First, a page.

A parent comes to me and says, “Pastor, my 8-year old child wants to meet with you about getting baptized.” We agree to meet, I sit down with the parent and with the child, and I say, “Johnny, why do you want to get baptized?” He replies, “Because I don’t want to go to hell.” I clarify, “Yes, but Johnny, getting baptized doesn’t save you. You have to accept Jesus into your heart in order to be saved.” Johnny askes, “How do I do that?” I reply, “All you have to do is ask Him to forgive you of your sins, and then ask Him to come into your heart.” And so we kneel and pray, and Johnny asks Jesus to forgive him of his sins and to come and live in his heart. We make arrangements for his baptism on the very next Sunday, and all’s well that ends well, right?

Wrong. What do I fail to mention in my “gospel” presentation to Johnny? I never mentioned anything about the death and resurrection of Jesus, and neither did Johnny. Perhaps I was assuming that he already understood all that. But that is precisely the problem. We cannot make assumptions that people know the gospel—especially the part about the death and resurrection of Jesus for sinners. If you leave that out, you are leaving out the very thing that Paul says is of “first importance” in his gospel preaching. You would be leaving out the part of the message that actually accomplishes our salvation. Continue Reading →

An Easter Hymn

O Jesus, Savior of my life,
My hope, my joy, my sacrifice,
I’ve searched and found no other one
Who loves me more than you have done.

So I denounce my lingering sin
Whose power You have broke within
My ever weak and faithless frame.
Its vigor’s crushed in Jesus name.

For your death did at once proclaim,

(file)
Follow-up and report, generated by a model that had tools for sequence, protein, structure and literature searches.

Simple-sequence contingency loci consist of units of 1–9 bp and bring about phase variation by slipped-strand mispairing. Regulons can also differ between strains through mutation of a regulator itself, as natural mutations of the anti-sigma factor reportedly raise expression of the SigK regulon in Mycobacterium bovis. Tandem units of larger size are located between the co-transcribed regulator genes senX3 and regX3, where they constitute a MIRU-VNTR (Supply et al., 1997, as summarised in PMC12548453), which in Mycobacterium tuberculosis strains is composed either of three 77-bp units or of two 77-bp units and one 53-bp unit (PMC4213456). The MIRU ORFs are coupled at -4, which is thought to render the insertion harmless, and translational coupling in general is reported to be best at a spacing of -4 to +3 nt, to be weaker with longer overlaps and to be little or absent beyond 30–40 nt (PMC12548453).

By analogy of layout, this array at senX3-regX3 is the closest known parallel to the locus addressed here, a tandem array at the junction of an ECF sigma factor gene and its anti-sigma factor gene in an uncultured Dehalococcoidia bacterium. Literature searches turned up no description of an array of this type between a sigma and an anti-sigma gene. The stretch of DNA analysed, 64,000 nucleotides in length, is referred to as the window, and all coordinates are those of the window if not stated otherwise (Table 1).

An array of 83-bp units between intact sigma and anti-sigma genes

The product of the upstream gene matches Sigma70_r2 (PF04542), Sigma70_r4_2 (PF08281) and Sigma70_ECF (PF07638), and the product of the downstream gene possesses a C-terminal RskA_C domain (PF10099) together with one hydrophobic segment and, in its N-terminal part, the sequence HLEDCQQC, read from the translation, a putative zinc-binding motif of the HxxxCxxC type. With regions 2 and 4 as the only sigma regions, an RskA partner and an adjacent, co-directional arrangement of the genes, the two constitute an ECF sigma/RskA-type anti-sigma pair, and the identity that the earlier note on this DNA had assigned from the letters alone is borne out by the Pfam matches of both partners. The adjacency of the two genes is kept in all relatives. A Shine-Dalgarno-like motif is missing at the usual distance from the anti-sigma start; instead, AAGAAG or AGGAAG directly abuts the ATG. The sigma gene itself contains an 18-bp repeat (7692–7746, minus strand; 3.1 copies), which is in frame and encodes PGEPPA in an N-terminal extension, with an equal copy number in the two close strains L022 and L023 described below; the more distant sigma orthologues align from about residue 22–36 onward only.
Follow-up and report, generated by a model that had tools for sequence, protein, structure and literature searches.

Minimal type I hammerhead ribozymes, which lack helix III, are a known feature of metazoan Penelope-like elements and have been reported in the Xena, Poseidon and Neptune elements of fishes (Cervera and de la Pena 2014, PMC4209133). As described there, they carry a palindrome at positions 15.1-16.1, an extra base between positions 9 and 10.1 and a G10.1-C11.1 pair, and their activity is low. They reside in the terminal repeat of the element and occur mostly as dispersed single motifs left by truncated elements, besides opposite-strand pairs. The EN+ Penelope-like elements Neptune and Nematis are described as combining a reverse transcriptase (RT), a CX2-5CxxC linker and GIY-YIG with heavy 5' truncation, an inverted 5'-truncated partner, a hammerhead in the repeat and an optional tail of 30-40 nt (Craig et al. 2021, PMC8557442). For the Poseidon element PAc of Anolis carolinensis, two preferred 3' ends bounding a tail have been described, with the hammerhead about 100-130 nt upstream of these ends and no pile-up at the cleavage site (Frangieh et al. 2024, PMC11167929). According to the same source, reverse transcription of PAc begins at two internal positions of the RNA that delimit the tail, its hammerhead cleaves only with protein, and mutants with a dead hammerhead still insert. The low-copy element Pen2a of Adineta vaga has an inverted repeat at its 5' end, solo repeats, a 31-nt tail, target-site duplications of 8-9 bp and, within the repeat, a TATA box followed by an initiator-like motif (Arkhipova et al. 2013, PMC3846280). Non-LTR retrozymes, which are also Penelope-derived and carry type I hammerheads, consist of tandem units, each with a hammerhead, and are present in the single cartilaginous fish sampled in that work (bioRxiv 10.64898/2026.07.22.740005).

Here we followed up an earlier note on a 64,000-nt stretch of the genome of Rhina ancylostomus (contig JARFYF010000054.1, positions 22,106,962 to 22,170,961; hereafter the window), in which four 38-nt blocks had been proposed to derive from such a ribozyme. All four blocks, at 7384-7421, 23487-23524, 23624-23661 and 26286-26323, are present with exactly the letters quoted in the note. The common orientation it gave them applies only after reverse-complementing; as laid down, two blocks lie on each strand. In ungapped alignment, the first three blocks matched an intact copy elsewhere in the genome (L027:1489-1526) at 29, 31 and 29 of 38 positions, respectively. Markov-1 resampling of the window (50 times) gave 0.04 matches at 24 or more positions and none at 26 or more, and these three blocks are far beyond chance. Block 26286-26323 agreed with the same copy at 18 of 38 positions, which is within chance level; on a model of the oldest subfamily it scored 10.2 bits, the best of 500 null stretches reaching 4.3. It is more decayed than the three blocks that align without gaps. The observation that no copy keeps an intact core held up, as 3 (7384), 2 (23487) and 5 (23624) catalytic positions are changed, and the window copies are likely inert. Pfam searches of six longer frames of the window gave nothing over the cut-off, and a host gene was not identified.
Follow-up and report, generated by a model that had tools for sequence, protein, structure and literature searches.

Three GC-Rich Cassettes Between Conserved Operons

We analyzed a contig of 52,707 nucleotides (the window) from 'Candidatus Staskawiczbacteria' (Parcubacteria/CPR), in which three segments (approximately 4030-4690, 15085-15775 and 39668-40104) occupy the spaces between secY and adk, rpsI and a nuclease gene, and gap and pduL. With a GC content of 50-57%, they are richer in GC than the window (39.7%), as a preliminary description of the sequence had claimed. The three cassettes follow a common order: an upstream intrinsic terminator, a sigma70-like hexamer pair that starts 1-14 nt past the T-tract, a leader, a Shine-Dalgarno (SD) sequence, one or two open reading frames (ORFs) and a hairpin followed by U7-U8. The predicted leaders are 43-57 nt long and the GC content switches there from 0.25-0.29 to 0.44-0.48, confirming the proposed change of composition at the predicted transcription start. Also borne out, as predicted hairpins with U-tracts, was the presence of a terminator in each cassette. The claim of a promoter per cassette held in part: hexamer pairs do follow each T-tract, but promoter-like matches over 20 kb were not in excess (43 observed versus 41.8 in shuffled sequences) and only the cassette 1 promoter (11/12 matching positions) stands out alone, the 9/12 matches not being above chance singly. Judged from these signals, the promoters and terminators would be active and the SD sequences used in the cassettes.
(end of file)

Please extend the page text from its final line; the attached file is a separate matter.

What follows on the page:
The Father’s glory and my shame.
And you did seize my cup of guilt
And drank all that the chalice spilled.

No condemnation now I dread
Because you went for me instead
To bear the curse and wrath and rage,
To pay the debt I would have paid.

Yet your work finished not with death,
Nor with your final murdered breath.
For death’s blows could not ever quell
The One whose life is in Himself.

Your passion broke forth full with life,
And foiled the adversary’s wiles.
You broke the chains, destroyed the sting
With which death had afflicted me.

O Savior, who died in my stead,
You firstborn from among the dead,
O Savior, you who saved my life,
Will take me whole to paradise.

So on this resurrection day
I lift my voice with all the saints
And sing with all my ransomed might
Of You, the Savior of my life!

Critical Theory, Social Justice, and Christianity: Are They Compatible?

Neil Shenvi is a scientist with a Ph.D. in theoretical chemistry from Berkley, but in recent years he has become a budding Christian apologist. He is a member of The Summit Church in Durham, North Carolina (where JD Greear is pastor) and has been putting out some really insightful, accessible material critiquing critical theory and social justice.